Lawsuit Against Auto Club Alleges Unfair Use of Coverage History

A class-action lawsuit brought against Auto Club of Southern California by one of its former agents alleges that the insurer engaged in practices meant to dodge state regulations barring insurers from using prior coverage history to help determine the price of a policy or whether a driver is insurable.

The suit alleges the Auto Club provided disincentives for agents to issue policies to previously uninsured drivers, awarding agents who sold to these customers much lower commissions than if the driver had been previously insured. The suit claims the difference in commissions sometimes amounted to hundreds of dollars per sale.

California’s insurance law, Proposition 103, outlines a number of factors insurers are allowed to use to rate its policyholders. Under that law, insurance carriers are prohibited from using presence of prior coverage as a rating factor to determine premiums or eligibility for coverage.

The former agent, Jill Rogers, was employed at the insurer’s main call center in Costa Mesa, Calif., where she alleges that a number of illegal business practices occurred that discriminated against customers lacking previous insurance.

The Auto Club has denied all of the allegations and said in a statement that the insurer is “confident that the truth will come out during the course of the litigation.”

‘Commission Scheme’ Drove Sales Toward Certain Customers

A scorecard-based commission structure graded agents at the call center, with one of the criteria being “persistency with prior carrier,” according to Laura Antonini, a staff attorney with Consumer Watchdog, which is partially representing Rogers and others in the lawsuit.

“You want more points if you want more dollars,” she said in an interview with Online Auto Insurance News, adding that the persistency factor was “one of the highest scoring items that was a huge point value compared to other criteria.”

Ultimately, Antonini said, an agent selling a policy to a customer without prior coverage earned a $20 commission while those selling a policy to a customer with previous insurance history earned commissions ranging from $100 to $500.

“It was pretty evident that the agents would do everything in their power to avoid writing those policies for those uninsured applicants,” said Antonini.

According to the lawsuit, agents fielding calls and in-office customers knew about their prior coverage history “within the first two minutes” of the inquiries, as the insurer allegedly trains its agents to pose the question immediately after obtaining their name and address.

In the lawsuit, Rogers claims that agents who were “well aware of the harmful financial repercussions” resorted to hang-ups and other tactics to stave off uninsured customers.

Rogers saw other agents hang up on uninsured customers voluntarily or “quote the caller some outrageous premium to get that caller off the phone,” Antonini said.

Rogers did not engage in such practices but brought them up to her superiors, according to Antonini, who added that Auto Club agents were not formally trained about Proposition 103 or any state laws governing the industry. When Rogers notified superiors about such practices by other agents, “it was swept under the rug,” Antonini said.

According to the court documents, Rogers and other plaintiffs in the class-action lawsuit are seeking “full restitution of all earned wages withheld” from them by alleged commission structure.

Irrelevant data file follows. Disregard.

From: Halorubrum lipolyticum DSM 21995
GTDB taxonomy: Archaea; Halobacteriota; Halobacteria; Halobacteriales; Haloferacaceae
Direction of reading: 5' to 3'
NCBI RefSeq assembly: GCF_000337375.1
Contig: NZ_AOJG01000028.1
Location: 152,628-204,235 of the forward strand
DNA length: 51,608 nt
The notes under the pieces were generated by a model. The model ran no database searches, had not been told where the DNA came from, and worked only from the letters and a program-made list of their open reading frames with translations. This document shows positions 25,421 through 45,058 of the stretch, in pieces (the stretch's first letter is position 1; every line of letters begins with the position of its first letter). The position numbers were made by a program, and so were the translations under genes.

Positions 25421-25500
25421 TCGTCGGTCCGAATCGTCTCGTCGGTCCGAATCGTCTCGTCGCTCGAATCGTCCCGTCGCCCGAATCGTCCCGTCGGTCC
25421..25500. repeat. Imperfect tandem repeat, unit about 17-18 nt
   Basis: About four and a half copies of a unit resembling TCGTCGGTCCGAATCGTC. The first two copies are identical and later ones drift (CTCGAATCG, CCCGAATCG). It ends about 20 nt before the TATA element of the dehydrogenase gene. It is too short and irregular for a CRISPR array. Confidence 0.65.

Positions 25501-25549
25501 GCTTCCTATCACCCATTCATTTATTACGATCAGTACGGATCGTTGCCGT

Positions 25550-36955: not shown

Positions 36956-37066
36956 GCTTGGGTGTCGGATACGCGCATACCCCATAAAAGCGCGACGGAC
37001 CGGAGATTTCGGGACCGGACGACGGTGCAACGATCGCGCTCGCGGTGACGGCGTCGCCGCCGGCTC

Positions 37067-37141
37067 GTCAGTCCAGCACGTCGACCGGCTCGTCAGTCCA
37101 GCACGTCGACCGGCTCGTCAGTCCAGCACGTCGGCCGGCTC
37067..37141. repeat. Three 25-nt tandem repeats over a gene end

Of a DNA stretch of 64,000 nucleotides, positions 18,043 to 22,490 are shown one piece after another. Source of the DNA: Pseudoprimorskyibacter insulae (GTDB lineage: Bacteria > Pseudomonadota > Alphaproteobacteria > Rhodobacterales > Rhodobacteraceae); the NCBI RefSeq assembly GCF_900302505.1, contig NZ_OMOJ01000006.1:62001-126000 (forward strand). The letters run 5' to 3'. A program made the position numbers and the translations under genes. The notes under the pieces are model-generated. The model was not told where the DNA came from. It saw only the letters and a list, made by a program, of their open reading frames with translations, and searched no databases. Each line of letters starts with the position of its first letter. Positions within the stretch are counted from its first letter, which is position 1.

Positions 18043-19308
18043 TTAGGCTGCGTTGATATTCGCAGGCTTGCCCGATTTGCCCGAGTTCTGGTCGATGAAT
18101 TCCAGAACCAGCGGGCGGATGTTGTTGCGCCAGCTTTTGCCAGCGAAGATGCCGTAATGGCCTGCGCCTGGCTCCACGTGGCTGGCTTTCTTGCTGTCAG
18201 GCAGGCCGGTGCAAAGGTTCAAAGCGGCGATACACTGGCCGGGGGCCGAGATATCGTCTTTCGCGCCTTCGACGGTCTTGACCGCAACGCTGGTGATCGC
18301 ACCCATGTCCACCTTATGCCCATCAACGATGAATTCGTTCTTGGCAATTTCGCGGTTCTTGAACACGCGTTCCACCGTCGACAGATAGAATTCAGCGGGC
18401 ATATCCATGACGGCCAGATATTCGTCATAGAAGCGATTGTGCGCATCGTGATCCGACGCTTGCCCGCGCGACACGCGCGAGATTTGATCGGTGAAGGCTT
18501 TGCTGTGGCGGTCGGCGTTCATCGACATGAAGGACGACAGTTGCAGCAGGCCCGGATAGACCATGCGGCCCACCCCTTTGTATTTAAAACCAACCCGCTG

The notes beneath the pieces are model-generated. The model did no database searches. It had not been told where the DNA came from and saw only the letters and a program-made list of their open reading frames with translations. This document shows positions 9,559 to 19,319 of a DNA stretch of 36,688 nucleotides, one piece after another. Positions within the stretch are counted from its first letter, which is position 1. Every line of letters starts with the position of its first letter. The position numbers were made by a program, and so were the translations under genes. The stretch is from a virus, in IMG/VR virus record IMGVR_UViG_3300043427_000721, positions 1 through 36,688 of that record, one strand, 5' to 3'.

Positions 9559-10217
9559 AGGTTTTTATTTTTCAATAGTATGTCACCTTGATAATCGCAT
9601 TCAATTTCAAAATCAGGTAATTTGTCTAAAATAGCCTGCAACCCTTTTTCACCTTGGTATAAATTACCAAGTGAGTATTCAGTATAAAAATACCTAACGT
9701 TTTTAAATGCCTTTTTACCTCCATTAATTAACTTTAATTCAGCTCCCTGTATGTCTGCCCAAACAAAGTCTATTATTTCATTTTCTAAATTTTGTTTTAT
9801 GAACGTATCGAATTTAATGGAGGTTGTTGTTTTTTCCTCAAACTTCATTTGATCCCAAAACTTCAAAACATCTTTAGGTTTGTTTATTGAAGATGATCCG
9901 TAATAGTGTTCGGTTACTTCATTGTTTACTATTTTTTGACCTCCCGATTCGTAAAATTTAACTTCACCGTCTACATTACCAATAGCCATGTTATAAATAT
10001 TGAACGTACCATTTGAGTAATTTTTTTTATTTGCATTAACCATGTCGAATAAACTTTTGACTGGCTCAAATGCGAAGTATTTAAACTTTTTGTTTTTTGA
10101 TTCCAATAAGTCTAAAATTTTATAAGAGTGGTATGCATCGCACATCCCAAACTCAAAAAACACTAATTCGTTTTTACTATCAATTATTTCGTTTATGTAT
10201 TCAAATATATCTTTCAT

Such practices also hurt consumers at large, according to Antonini, who said that the “unseemly process of denying people insurance” needs to be curbed to stem the increasing scarcity of cheap car insurance companies.

“These practices increase the number of uninsured drivers out on the road and, ultimately, it drives up rates for everyone else,” she said.

Auto Club Denies Wrongdoing, Previously Faced Similar Allegations

The Auto Club denied the lawsuit’s allegations.

According to Jeffrey Spring, spokesman for the Auto Club, members did not provide evidence of prior coverage in more than 40 percent of the 127,000 policies sold so far this year.

“We highly value the trust our members place in the Auto Club, so we take the allegations … very seriously,” according to an Auto Club statement.

The insurance provider stated that it believed the lawsuit was “without merit.”

The insurer also faced a 2002 lawsuit stemming from similar allegations that was ultimately settled in 2008 with $22.5 million in refunds to about 120,000 policyholders. That lawsuit involved Auto Club surcharging motorists who could not provide proof of previous coverage.

Consumer Watchdog Denies Timing Lawsuit with Election

Consumer Watchdog is also backing efforts against Proposition 33, a state measure that voters will decide on in November’s election. That proposal seeks to change Proposition 103 by allowing previous history of coverage to be considered as a rate-setting factor.

Proponents say it will encourage competition between companies by allowing policyholders to take persistency discounts from insurer to insurer. Opponents, however, say it singles out uninsured drivers who will face surcharges for lacking coverage history.

Antonini said that the Auto Club lawsuit is unrelated to Consumer Watchdog’s efforts against Proposition 33, and that “the timing is not meant to coincide with that in any way.”

About Charles Nguyen
Charles Nguyen is an enterprising journalist who reported for and the Desert Dispatch and was the editor in chief of the Guardian (the twice-weekly newspaper at the University of California, San Diego) before coming to Online Auto Insurance News.

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